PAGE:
Friday, October 3, 2008

Identity Theft Warning

Identity Theft

Identity theft can be committed through e-mail (phishing) or other means, such as regular mail, fax or telephone, or even by going through someone's trash.

Identity theft occurs when someone uses your personal information such as your name, Social Security number or other identifying information without your permission to commit fraud or other crimes. Typically, identity thieves use someone’s personal data to empty the victim’s financial accounts, run up charges on the victim’s existing credit cards, apply for new loans, credit cards, services or benefits in the victim’s name, file fraudulent tax returns or even commit crimes. People whose identities have been stolen can spend months or years — and their hard-earned money — cleaning up the mess thieves have made of their good name and credit record. In the meantime, victims may lose job opportunities, be refused loans, education, housing or cars, or even get arrested for crimes they didn't commit.

Identity Theft Companion Learning Guide , What Law Enforcement is Doing to Stop the Thieves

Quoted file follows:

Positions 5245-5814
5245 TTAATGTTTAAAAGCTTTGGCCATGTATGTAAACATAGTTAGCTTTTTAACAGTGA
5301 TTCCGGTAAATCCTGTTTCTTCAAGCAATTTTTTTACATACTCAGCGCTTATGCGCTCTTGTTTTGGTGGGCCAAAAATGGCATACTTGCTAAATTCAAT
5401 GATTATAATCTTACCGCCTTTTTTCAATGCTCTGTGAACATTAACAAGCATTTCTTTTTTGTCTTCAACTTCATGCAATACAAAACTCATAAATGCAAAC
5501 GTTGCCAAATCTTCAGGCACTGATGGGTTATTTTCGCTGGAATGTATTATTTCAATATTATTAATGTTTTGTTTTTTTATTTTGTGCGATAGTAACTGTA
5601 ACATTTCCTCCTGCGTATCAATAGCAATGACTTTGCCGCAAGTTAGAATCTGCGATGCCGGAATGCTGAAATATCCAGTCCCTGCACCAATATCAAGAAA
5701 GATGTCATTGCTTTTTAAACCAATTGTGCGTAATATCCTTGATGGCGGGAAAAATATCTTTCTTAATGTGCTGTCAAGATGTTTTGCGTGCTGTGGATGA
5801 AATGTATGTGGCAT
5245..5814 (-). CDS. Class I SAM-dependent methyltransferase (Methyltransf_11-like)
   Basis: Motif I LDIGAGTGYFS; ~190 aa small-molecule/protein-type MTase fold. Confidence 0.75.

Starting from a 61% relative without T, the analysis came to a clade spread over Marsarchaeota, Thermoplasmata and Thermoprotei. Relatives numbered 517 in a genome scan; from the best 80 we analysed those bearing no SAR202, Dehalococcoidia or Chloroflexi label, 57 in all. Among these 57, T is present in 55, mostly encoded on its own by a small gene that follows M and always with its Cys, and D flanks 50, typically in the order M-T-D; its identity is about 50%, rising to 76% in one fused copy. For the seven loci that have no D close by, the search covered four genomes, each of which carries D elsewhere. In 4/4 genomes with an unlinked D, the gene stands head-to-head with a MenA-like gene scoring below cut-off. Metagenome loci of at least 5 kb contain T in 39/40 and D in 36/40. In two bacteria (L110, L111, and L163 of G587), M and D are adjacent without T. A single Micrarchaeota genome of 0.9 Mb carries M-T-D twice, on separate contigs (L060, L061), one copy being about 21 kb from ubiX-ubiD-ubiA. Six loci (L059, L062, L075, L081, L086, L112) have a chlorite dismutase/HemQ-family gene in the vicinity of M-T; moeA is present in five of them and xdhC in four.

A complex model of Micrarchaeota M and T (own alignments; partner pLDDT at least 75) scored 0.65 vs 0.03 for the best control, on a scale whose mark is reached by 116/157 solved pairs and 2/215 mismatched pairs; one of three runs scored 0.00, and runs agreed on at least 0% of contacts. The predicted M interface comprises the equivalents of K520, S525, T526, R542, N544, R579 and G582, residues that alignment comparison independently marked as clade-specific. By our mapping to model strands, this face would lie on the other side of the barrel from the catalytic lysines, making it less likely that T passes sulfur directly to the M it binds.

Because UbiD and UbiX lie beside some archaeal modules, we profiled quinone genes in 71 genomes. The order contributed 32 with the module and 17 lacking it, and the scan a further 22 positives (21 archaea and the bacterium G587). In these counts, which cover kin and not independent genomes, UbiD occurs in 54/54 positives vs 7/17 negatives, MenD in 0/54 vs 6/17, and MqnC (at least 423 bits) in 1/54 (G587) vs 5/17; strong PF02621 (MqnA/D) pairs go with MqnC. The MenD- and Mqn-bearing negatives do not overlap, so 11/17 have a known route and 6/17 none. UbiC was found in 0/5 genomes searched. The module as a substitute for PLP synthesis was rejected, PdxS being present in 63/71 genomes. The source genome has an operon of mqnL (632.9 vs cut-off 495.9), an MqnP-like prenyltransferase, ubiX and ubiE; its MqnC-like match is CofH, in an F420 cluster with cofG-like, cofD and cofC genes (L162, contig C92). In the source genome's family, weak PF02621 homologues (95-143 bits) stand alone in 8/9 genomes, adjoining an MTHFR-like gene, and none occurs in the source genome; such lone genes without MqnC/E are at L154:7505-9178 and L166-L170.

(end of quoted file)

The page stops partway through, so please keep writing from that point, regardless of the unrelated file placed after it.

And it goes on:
Identity Theft and Your Tax Records

Social Security announces public warning of identity theft e-mail scam

To Report Fraud

For other than phishing schemes, you may report the fraudulent misuse of the IRS name, logo, forms or other IRS property by calling the TIGTA toll-free hotline at 1-800-366-4484 or visiting the TIGTA Web site.

Other Federal Resources

For more information on understanding and preventing identity theft and suspicious e-mails (phishing), or dealing with their aftermath, check out the following federal resources:
Department of the Treasury's identity theft resource page
Federal Trade Commission's (FTC) consumer Web site
FTC's OnGuardOnLine Web site
Social Security Administration (SSA)

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